SAN (Storage Area Network)

Introduction to SAN

A "SAN" (Storage Area Network) is a complete storage network. A SAN is a complete architecture that groups together the following elements:

  • A fibre channel broadband network or SCSI
  • Dedicated interconnection equipment (switches, bridges, etc.)
  • Network storage elements (hard drives)

Schematic Representation of a SAN

Presentation of a SAN

A SAN is a network dedicated to storage that is attached to a company's communication networks. Computers with access to the SAN have a specific network interface that is connected to the SAN in addition to their traditional network interface.

Advantages and Disadvantages

The SAN's performance is directly linked to that of the type of network being used. In the case of a fibre channel network, the bandwidth is approximately 100 megabytes/second (1,000 megabits/second) and can be extended by increasing the number of access connections.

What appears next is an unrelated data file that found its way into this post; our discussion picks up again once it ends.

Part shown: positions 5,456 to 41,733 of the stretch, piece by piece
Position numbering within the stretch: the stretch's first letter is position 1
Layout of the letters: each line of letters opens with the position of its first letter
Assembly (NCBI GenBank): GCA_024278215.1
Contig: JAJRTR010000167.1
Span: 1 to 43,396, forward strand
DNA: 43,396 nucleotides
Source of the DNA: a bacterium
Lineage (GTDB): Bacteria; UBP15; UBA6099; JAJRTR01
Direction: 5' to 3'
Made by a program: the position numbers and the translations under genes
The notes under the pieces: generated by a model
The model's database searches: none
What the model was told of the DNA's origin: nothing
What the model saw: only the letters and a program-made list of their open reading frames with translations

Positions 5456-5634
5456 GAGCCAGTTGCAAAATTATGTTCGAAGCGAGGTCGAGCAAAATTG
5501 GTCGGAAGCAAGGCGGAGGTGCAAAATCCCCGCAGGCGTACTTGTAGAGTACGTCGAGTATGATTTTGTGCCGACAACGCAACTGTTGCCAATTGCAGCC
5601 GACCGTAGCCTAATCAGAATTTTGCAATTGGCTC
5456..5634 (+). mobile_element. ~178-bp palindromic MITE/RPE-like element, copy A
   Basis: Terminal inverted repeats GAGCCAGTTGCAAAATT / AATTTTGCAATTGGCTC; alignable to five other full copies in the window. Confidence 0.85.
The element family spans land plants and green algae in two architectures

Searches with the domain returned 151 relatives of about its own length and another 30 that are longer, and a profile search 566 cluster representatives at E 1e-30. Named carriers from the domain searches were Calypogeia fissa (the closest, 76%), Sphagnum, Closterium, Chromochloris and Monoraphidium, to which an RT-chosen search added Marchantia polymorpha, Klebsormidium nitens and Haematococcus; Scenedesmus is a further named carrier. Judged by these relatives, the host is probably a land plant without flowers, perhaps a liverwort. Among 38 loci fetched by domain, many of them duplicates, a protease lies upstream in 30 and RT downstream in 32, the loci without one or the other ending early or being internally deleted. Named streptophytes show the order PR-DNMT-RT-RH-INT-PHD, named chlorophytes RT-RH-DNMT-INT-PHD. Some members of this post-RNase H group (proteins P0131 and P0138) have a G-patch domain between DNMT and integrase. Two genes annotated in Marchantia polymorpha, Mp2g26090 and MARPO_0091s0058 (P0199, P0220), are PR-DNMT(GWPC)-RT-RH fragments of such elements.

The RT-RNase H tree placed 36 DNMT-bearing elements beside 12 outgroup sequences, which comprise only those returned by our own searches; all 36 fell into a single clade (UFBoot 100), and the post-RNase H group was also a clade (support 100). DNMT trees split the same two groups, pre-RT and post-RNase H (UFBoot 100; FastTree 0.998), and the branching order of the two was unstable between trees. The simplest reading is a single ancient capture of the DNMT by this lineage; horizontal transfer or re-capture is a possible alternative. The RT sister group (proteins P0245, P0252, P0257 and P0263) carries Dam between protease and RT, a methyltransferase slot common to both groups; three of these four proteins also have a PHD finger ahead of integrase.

A SAN's capacity can be extended almost limitlessly and can reach hundreds and even thousands of terabytes.

Using a SAN, it is possible to share data between several network computers without sacrificing performance because SAN traffic is completely separate from user traffic. These are application servers that act as an interface between the data network (usually fibre channel) and the user network (usually Ethernet).

On the other hand, it is much more costly to acquire a SAN than a NAS because it is a complete architecture that uses technology that is still very expensive. Often when a company figures out the TCO in terms of cost per byte, the cost can be more easily justified.

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